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Atenção Primária à Saúde

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GPs' understanding and practice of safety netting for potential cancer presentations: a qualitative study in primary care.

Evans, Julie; Ziebland, Sue; MacArtney, John I; Bankhead, Clare R; Rose, Peter W; Nicholson, Brian D.
Br J Gen Pract; 68(672): e505-e511, 2018 Jul.
Artigo em Inglês | MEDLINE | Maio 2018 | ID: mdl-29739779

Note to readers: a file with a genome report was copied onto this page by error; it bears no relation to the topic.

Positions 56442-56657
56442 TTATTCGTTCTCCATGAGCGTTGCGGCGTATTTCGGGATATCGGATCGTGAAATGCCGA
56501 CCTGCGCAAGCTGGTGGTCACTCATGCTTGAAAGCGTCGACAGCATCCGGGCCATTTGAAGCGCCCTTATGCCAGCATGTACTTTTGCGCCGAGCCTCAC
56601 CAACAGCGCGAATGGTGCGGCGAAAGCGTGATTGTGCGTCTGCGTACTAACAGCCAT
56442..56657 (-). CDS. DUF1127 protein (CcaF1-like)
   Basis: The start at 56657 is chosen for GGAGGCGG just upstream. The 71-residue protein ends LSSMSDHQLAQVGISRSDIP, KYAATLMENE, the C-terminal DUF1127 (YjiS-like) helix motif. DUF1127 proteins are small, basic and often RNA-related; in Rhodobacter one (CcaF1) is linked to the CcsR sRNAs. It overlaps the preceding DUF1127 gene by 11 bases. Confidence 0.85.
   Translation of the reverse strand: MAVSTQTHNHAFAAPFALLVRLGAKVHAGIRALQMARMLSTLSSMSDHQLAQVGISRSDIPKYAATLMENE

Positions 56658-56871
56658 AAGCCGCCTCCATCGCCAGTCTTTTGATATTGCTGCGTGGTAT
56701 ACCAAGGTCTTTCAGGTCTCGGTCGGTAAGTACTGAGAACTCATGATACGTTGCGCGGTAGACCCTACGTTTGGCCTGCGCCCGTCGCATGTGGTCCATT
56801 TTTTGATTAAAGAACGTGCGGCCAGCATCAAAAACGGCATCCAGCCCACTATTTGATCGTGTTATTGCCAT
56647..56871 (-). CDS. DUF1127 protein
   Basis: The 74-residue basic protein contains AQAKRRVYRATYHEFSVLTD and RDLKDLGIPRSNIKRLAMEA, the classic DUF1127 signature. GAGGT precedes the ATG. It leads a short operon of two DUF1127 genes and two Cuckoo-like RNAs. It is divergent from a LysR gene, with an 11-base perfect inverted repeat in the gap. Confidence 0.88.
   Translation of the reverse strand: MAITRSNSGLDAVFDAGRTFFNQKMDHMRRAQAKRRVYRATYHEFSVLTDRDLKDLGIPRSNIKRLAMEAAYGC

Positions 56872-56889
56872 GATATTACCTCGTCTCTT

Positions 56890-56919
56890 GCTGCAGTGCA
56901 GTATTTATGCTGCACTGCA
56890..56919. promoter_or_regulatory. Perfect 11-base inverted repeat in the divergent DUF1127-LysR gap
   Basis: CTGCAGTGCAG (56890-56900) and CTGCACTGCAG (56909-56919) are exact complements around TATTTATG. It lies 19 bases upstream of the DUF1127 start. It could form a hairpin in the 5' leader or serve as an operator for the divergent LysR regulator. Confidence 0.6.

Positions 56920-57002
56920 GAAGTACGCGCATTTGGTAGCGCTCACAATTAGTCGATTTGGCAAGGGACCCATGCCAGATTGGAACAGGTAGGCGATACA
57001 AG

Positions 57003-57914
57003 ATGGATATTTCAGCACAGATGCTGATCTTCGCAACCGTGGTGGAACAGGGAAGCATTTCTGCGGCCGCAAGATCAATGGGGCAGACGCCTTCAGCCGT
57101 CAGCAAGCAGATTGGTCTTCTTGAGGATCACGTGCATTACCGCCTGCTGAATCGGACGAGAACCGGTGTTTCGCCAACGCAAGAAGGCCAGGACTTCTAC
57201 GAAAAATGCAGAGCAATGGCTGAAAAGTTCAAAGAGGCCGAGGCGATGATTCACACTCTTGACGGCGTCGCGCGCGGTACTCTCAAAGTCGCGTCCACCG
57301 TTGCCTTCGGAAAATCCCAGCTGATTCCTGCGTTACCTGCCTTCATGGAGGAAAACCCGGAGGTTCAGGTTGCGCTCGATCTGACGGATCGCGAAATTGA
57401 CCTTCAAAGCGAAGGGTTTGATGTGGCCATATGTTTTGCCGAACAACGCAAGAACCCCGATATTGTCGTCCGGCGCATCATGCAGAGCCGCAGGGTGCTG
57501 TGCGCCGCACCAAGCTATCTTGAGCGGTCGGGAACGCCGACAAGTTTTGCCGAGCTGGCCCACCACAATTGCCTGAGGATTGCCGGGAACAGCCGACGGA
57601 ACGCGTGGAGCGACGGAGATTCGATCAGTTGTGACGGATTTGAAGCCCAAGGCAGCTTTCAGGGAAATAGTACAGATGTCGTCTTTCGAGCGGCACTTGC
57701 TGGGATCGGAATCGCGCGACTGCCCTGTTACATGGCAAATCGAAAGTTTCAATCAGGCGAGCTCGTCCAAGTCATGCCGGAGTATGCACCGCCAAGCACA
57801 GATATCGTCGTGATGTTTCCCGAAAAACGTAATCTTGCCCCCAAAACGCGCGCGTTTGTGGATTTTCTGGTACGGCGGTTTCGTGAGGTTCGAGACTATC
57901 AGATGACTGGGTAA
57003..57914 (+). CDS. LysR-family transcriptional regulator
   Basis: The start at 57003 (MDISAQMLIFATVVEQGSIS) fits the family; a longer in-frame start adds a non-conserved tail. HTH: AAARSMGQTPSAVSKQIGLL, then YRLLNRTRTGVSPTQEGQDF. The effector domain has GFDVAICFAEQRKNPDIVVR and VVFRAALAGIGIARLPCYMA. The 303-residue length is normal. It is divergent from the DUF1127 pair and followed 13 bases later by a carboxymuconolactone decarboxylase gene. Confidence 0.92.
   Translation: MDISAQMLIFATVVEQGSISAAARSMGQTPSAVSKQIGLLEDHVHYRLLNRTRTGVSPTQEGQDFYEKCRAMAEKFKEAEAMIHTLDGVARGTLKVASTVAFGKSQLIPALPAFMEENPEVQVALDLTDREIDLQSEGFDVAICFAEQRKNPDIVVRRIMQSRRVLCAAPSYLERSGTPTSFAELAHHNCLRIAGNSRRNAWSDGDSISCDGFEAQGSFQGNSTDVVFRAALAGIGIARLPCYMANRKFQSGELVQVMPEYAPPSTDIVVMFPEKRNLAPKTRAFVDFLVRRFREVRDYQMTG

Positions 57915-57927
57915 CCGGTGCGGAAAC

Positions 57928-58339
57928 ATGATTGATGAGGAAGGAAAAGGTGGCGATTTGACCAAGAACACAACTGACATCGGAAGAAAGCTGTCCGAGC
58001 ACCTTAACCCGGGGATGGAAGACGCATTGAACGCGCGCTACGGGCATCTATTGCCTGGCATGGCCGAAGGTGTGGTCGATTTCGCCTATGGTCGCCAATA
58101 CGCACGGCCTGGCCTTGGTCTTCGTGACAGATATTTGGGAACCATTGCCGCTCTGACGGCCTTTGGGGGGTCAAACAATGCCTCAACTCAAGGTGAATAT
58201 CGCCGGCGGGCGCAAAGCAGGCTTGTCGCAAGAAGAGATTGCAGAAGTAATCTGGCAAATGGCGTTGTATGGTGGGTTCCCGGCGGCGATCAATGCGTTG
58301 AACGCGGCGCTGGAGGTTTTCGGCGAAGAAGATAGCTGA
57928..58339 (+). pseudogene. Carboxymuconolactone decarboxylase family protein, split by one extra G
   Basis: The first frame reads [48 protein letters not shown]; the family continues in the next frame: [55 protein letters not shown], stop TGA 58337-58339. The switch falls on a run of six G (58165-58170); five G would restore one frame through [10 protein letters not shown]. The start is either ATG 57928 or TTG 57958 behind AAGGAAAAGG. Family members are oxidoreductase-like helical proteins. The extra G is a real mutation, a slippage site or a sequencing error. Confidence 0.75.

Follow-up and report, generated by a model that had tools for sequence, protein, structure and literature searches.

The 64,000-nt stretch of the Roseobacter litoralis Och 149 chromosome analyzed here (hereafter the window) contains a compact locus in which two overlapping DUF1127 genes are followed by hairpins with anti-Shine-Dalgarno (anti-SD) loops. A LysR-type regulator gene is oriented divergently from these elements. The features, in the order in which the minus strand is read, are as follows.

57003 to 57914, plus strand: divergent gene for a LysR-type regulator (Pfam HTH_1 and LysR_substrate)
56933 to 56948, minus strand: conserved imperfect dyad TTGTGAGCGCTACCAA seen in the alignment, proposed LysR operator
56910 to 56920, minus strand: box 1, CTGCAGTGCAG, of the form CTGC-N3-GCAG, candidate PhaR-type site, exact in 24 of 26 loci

Resumo: BACKGROUND: Safety netting is a diagnostic strategy used in UK primary care to ensure patients are monitored until their symptoms or signs are explained. Despite being recommended in cancer diagnosis guidelines, little evidence exists about which components are effective and feasible in modern-day primary care. AIM: To understand the reality of safety netting for cancer in contemporary primary care. DESIGN AND SETTING: A qualitative study of GPs in Oxfordshire primary care. METHOD: In-depth interviews with a purposive sample of 25 qualified GPs were undertaken. Interviews were recorded and transcribed verbatim, and analysed thematically using constant comparison. RESULTS: GPs revealed uncertainty about which aspects of clinical practice are considered safety netting. They use bespoke personal strategies, often developed from past mistakes, without knowledge of their colleagues' practice. Safety netting varied according to the perceived risk of cancer, the perceived reliability of each patient to follow advice, GP working patterns, and time pressures. Increasing workload, short appointments, and a reluctance to overburden hospital systems or create unnecessary patient anxiety have together led to a strategy of selective active follow-up of patients perceived to be at higher risk of cancer or less able to act autonomously. This left patients with low-risk-but-not-no-risk symptoms of cancer with less robust or absent safety netting. CONCLUSION: GPs would benefit from clearer guidance on which aspects of clinical practice contribute to effective safety netting for cancer. Practice systems that enable active follow-up of patients with low-risk-but-not-no-risk symptoms, which could represent malignancy, could reduce delays in cancer diagnosis without increasing GP workload.